Sunday, December 06, 2009
Interstate Avenue, the evening of December 2, 1964; the neon lights were on but the cars were gone. Earlier that afternoon, the Minnesota Freeway opened. Traffic raced through North Portland in a trench, three blocks west of the Highway 99W surface route. At service stations, restaurants and motels along "the Avenue," implications were setting in. The era of interstate travel on Interstate Avenue was over.
Three quarters of a century earlier, in the logged over patchwork of woodlots, dairies and small farms on the Peninsula, two roads, Myrtle Street and Maple Street were platted parallel to each other in the North Albina Addition. The new subdivision, near the station stops of Ockley Green and Arbor Lodge on the steam rail line to St. Johns, was one of many staked out in the area, soon to be annexed by the city of Albina.
"Street scene on the Peninsula, Portland Oregon" circa 1900.
The cities of Albina and East Portland were consolidated into Portland in 1891. The following year Myrtle Street was renamed Patton Avenue and Maple renamed Maryland (portions of both would be combined to make Interstate). Neighboring Oak was changed to Montana, Cedar to Minnesota and Hemlock to Michigan. The changes were made either to conform with other street names in the area, as in the case with Patton, or to remove duplication (in Albina alone there were other Myrtle and Cedar streets).
At the same time, area residents began to advocate for a road west of Mississippi Avenue to reach down the bluff towards Lower Albina and downtown Portland.
"Interstate Avenue? Wasn't such a thing when I was a boy. Where Interstate is now there was nothing but a wide stretch and a few houses, a fire station and a wooden schoolhouse. We called it Patton Avenue. It didn't deserve any name at all. That street had the biggest damn hoes in it you ever saw. You could go swimming in them." -Clifford Nelson in the Oregon Journal, October 24 1977.
The desire for a new road south likely influenced a local movement to combine the north end of Patton with the south end of Maryland to form Interstate Avenue, with the goal of connecting downtown to the new Interstate Bridge. The south end of Patton was to be renamed Massachusetts, adding another M state name to the area. The motion was passed by the city council on December 16 1916.
North Portland of the future, circa 1919. Interstate is still referred to on the map as Patton. Although a decade from continuing down the bluff, it was already noted as part of the Pacific Highway. The Heusner car line, on the alignment of Tri Met's Yellow Line, was a planned electric interurban to cross the Interstate Bridge (built with dual gauge track to accommodate it) and continue to Seattle by knitting together existing systems with new segments. Miles of right of way in Washington had been purchased before the plan was killed by World War I and the automobile. (Click on pictures to expand)
Despite grand arterial aspirations, "the Avenue" was still a local street that stopped at the edge of the bluff that overlooked Lower Albina. In 1923 a new effort was mounted by the Greater Peninsula Association to cut a grade down the hillside. The cost would be split by the city, county and local property owners. In 1928 the grading was complete. Shortly thereafter Interstate was extended again by renaming Delay and Larabee south to the junction with Broadway.
The extension to Lower Albina in 1930. The partially visible sign to the far right likely advertises the Interstate Auto Camp on Columbia Blvd. -City of Portland Archives.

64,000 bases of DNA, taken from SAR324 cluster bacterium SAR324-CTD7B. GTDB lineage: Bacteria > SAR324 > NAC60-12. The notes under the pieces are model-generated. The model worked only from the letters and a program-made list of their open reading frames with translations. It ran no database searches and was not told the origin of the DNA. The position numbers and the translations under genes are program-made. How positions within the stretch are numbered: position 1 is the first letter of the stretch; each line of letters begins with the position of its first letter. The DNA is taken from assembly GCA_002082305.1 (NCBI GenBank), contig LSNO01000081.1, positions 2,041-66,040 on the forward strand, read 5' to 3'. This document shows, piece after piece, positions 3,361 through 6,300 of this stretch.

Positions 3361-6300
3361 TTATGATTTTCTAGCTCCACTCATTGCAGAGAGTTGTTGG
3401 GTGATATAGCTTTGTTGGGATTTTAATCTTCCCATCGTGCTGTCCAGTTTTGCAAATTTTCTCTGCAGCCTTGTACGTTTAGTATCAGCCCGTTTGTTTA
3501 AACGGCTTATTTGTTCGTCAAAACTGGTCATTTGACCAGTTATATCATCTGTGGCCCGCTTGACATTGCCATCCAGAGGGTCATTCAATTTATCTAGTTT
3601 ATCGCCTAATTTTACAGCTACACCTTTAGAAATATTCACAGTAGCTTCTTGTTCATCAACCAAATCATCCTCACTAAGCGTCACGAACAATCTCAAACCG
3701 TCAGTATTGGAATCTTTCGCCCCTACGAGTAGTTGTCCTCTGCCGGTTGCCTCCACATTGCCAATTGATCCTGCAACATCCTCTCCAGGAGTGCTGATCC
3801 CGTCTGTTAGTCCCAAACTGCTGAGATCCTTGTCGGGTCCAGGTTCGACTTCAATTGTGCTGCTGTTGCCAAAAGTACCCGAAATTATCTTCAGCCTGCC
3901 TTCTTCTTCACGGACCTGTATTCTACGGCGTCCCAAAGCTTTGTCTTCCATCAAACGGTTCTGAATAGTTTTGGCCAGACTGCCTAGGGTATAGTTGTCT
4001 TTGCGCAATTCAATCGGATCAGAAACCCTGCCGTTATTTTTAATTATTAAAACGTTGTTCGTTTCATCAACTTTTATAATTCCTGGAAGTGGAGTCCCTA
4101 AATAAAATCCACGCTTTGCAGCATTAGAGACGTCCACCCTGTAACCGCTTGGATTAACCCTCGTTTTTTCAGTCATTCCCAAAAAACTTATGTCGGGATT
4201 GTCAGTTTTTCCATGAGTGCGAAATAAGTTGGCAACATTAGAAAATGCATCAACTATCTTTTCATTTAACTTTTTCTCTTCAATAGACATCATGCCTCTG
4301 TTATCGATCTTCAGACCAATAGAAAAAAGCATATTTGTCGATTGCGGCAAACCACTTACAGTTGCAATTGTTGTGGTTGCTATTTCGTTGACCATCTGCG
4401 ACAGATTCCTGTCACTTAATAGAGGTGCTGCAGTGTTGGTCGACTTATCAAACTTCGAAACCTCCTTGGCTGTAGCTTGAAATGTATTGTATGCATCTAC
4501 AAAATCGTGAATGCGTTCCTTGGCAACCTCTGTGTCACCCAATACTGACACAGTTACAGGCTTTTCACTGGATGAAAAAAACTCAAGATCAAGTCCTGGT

As part of West Side Pacific Highway #3 (designated US 99W in 1930) Interstate Avenue began to take on the accoutrements of a highway: service stations, auto camps and billboards.
In 1939, Interstate lit up.
"For seekers of new beauty in Portland, a drive at night on Interstate Avenue has possibilities. The simple symmetry, the sweeping curves, the new overhead lights, caused a child to say, "Its like on the way to fairyland."
One gets the first glimpse of this novel charm, from the city side, after passing the junction with Greeley Avenue and starting up the hill. From here on Interstate is different. That's because the lights hang higher than the conventional, and shaded and uniform in the distance.
Up the hill and around the first curve, the beauty unfolds. Great numbers of lights, so accurately spaced, are individually visible. The street is remarkably free of signs and illuminated business places. The street lamps are shaded so they pour their soft brightness on the pavement. Houses are left in shadow. One is aware only of light - a path of light through the darkness. Ingenious little devices, like the eyes of a night creature, set in the raised portion, one after another scrutinize the passing car and passes it on. Mysterious sentries on watch."
-From Beauty in a Street, the Oregonian, December 30 1939.
Interstate in the area of Prescott and Failing in 1947. The Little Waldorf drive in and Walt's Associated service station (both pictured below) are visible along the curve where Interstate jogs from the Patton to Maryland alignments. As now, electric powered transit served the area, then in the form of Portland Traction's Interstate trolley bus line. The current I-5 trench cuts through the blocks immediately to the left of the Patton Home (brick building, top, right of center). -City of Portland Archives. (click on images to expand).
After the war "the Avenue" glowed with neon. For two decades, restaurant, motel and service stations were lit late into the night, enticing travelers to stop, eat, stay or fill up.
Walt's Associated service station on Interstate between Mason and Prescott, and behind it, the Little Waldorf car hop drive in. The building still exists as Interstate Automotive. In 1958 there were twenty three service stations on Interstate between the Broadway Bridge and Kenton. Today there are four.
- Photo courtesy of Gary Larson.
In 1933 there were already thirteen service stations on Interstate. In the postwar years the number reached into the twenties. Stations such as Vern's Signal, Overlook Enco, Interstate Texaco, Interstate Shell, Vic's Veltex and Jenson's Union clustered at major intersections, sometimes one to each corner. Upholstery shops, tire stores, auto painters and the Rocket Ambulance and Towing Service were also located to serve highway traffic.